There was no way to know whether specifically what I chose would cause any serious harm. Although I knew what would, I no longer cared about my safety and blindly took the chance anyway. Because of how I carried out my attempt, I felt every bit of my experience and was wide awake the entire time. Regret, anxiety, guilt, fear, anger, misery, all incredibly strong. For five to six hours straight, my mind defied the limits of sanity. I survived. No one could see it in me that I had given up. I still looked the same. However, I felt terrible guilt not just for what I did, but how poorly I did it and for still being alive. I felt like a coward.


        Why? I survived when others had not, such as my fellow 9th-grade classmate. Neither did I lose consciousness or suffer serious injury compared to other attempt survivors such as Kevin Hines. Therefore, I regarded my suicide attempt as weak. Was I being hard on myself for failing to carry it out? Perhaps. I was still responsible for the decision to attempt. No life-changing near-death experience. It was nothing more than a sleepless night wracked by pain and guilt. Either way, this was now my burden to bear.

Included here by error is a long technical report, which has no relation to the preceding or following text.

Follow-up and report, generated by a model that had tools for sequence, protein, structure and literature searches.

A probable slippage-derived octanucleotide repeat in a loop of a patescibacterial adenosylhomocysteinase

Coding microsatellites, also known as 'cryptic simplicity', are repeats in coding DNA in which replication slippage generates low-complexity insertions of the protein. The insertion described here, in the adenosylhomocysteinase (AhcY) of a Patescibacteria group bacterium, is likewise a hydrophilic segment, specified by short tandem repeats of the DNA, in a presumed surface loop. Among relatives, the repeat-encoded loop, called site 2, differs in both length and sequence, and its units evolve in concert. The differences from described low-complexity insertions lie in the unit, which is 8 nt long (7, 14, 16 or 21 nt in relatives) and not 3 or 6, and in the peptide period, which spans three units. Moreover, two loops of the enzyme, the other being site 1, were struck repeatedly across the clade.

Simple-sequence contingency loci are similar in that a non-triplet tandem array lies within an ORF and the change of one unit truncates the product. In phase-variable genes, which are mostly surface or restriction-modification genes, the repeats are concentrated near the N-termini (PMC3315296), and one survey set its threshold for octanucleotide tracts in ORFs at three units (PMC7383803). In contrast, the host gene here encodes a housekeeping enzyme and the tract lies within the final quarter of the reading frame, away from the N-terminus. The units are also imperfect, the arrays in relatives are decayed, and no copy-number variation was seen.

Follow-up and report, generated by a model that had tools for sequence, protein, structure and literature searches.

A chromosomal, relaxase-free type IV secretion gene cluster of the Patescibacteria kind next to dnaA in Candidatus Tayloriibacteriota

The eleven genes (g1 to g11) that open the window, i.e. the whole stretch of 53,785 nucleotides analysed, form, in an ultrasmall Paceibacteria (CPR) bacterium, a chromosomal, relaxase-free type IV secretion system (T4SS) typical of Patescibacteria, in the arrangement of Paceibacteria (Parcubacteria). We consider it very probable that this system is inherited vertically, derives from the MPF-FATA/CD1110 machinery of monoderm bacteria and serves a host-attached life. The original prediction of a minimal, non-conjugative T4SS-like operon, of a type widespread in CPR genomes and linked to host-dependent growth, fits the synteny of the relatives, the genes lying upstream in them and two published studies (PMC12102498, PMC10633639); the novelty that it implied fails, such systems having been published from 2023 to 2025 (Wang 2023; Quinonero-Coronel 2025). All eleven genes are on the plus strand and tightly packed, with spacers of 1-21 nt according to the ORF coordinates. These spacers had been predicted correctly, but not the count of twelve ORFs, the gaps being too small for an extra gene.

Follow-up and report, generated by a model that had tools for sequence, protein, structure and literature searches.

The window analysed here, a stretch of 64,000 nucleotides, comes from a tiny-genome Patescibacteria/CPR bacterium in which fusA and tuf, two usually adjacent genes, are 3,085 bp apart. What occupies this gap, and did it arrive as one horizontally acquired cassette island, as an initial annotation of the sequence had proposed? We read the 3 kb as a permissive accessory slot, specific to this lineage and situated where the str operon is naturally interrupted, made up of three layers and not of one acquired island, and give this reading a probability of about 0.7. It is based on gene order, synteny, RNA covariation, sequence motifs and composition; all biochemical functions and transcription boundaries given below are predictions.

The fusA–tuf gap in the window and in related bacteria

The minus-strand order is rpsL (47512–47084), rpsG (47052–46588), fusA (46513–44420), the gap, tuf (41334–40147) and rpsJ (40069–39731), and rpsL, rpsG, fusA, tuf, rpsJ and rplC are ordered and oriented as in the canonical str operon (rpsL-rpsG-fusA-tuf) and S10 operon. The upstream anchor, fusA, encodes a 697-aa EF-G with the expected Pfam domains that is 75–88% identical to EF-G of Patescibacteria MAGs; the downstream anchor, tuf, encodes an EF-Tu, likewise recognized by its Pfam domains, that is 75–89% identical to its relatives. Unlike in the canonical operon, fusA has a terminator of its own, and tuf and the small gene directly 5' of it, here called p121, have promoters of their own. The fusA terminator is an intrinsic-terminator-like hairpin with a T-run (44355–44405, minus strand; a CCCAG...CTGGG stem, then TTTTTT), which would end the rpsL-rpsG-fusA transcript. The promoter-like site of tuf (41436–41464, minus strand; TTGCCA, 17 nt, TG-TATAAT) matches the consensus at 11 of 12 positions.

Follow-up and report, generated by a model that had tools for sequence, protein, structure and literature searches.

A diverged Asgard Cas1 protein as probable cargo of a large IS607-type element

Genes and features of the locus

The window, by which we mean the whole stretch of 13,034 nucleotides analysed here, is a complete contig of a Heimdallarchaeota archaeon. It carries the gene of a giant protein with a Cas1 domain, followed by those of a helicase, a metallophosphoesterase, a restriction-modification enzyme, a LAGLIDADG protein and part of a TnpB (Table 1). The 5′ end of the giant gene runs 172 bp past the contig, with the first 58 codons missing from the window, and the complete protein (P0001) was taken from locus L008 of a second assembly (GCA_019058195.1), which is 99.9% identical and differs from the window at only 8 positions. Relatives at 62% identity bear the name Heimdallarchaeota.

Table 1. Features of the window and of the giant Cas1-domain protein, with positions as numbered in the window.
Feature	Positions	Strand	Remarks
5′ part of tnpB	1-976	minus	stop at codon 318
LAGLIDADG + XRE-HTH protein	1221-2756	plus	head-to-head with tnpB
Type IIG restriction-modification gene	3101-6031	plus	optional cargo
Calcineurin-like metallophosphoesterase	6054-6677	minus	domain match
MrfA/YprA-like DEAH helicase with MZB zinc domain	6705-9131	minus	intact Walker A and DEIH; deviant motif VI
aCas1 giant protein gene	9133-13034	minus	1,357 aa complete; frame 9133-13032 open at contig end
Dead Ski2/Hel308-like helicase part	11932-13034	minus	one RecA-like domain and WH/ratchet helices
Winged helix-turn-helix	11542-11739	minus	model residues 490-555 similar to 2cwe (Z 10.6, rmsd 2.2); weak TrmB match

Less than a year later, in 2004, a familiar type of tragedy tested my fragile recovery. A childhood friend and next-door neighbor perished in a car accident not far from where we both lived. Unlike my former senior high classmate, he did not suffer. Where I had been selfless and more concerned with praying for her recovery, my reaction to his passing was drastically different. I wanted nothing more than to take his place despite knowing he was already gone. I was still willing to throw my life away. Eventually, I moved on. However, I refused to face my past or what I had done to myself.


        It took me four more years before I finally came to terms with my suicide attempt. My paternal grandfather lived with my parents and me for one year before passing away in 2008. I had only ever seen my grandparents once or twice a year before then. One night while eating supper, my grandfather and I made childishly funny faces at each other across the table. In that moment, I made a one-of-a-kind connection with both him and my dad. I now saw undeniable value, happier memories, and positive personality traits that defined who I was as a person. I no longer felt disgraced about my past or undeserving as a human being.